When two filmmakers approached Donald Miller about making a film adaptation of his best-selling memoir Blue Like Jazz he was given the opportunity to do something most of us never get to do; He edited his life.
That experience caused the always introspective Miller to consider the story his life was telling. If his experiences needed to be edited to make for a more compelling film, why not simply apply those same story telling principles and live a story worth telling? Examining his life from the vantage point of a storyteller causes Miller to go on an inward journey. A journey which leads him to (among other things) reconnect with his estranged father, hike the Inca Trail in Peru, and ride his bike across the United States. In the process he learns that by embracing the role of a mere character in a much larger story, he allows “the Writer” to write a far better story than he could have ever written for himself.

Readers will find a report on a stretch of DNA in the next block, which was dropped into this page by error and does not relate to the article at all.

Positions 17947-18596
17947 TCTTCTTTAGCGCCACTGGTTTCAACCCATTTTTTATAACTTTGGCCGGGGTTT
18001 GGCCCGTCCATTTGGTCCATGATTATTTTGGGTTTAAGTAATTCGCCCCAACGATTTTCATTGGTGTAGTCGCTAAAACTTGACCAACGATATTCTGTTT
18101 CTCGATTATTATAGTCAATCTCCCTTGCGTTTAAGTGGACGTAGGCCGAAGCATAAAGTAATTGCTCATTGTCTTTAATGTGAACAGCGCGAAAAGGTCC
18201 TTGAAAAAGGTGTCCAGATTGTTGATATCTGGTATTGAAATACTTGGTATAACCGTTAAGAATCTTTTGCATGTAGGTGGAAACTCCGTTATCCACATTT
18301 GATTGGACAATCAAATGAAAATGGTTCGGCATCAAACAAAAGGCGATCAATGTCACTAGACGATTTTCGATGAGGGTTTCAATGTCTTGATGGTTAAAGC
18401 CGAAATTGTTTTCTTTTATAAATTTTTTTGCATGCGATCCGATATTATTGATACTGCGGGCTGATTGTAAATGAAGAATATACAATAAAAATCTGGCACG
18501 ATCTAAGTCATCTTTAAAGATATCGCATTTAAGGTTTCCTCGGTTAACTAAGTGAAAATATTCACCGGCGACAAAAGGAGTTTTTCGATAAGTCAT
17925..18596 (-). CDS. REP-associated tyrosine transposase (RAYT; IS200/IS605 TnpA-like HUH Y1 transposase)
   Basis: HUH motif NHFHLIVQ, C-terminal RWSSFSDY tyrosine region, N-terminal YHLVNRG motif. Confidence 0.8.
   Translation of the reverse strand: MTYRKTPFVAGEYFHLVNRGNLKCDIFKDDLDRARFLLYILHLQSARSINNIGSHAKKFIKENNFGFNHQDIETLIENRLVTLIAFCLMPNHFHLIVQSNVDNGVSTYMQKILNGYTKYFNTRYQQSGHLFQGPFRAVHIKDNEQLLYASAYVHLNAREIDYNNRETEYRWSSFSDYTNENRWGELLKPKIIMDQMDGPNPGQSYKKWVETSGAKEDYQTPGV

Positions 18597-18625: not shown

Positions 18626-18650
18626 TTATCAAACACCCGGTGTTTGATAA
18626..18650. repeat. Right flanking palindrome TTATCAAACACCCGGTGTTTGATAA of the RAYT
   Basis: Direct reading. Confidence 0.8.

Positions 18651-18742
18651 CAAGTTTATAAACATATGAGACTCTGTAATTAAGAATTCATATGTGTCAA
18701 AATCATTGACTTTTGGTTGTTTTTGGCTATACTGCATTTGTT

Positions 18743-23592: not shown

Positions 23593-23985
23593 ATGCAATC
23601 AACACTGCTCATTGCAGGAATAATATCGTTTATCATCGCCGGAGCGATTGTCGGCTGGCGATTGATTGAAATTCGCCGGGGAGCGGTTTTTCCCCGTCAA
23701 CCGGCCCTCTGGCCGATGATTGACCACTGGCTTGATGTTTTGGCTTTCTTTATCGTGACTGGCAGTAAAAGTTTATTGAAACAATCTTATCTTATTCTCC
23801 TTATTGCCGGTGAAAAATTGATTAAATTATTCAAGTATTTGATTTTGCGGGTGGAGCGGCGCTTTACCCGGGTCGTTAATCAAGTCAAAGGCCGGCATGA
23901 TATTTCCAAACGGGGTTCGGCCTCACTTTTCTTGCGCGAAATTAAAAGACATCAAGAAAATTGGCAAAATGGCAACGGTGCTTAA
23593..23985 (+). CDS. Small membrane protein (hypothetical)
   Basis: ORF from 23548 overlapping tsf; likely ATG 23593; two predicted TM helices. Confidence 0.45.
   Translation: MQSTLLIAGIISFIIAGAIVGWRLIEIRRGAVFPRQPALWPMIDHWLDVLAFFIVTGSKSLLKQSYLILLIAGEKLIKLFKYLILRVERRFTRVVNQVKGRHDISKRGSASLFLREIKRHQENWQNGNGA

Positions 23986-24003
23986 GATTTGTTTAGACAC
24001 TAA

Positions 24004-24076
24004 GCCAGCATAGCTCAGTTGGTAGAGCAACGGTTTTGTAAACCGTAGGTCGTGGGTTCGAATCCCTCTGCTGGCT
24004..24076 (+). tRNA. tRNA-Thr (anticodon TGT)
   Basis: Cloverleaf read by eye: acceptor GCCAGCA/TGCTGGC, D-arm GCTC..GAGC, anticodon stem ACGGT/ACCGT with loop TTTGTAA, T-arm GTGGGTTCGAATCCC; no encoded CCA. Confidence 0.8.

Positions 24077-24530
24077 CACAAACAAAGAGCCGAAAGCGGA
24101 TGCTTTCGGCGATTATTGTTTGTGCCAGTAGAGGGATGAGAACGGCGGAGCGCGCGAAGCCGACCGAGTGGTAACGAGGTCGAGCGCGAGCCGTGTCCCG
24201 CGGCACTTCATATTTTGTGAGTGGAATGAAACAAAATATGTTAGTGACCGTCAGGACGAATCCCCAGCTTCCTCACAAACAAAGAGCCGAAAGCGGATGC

Like all of Miller’s previous memoirs A Million Miles in a Thousand Years is intelligent, funny and though provoking. But where this latest effort stood out fo rme is that it is also very inspirational. I frequently found myself applying Miller’s story telling principles to my own life and asking myself if I was living the best story I possibly could. Often times the answer to that question was “no,” but the Writer isn’t done writing my character’s story quite yet. There’s still hope for us all.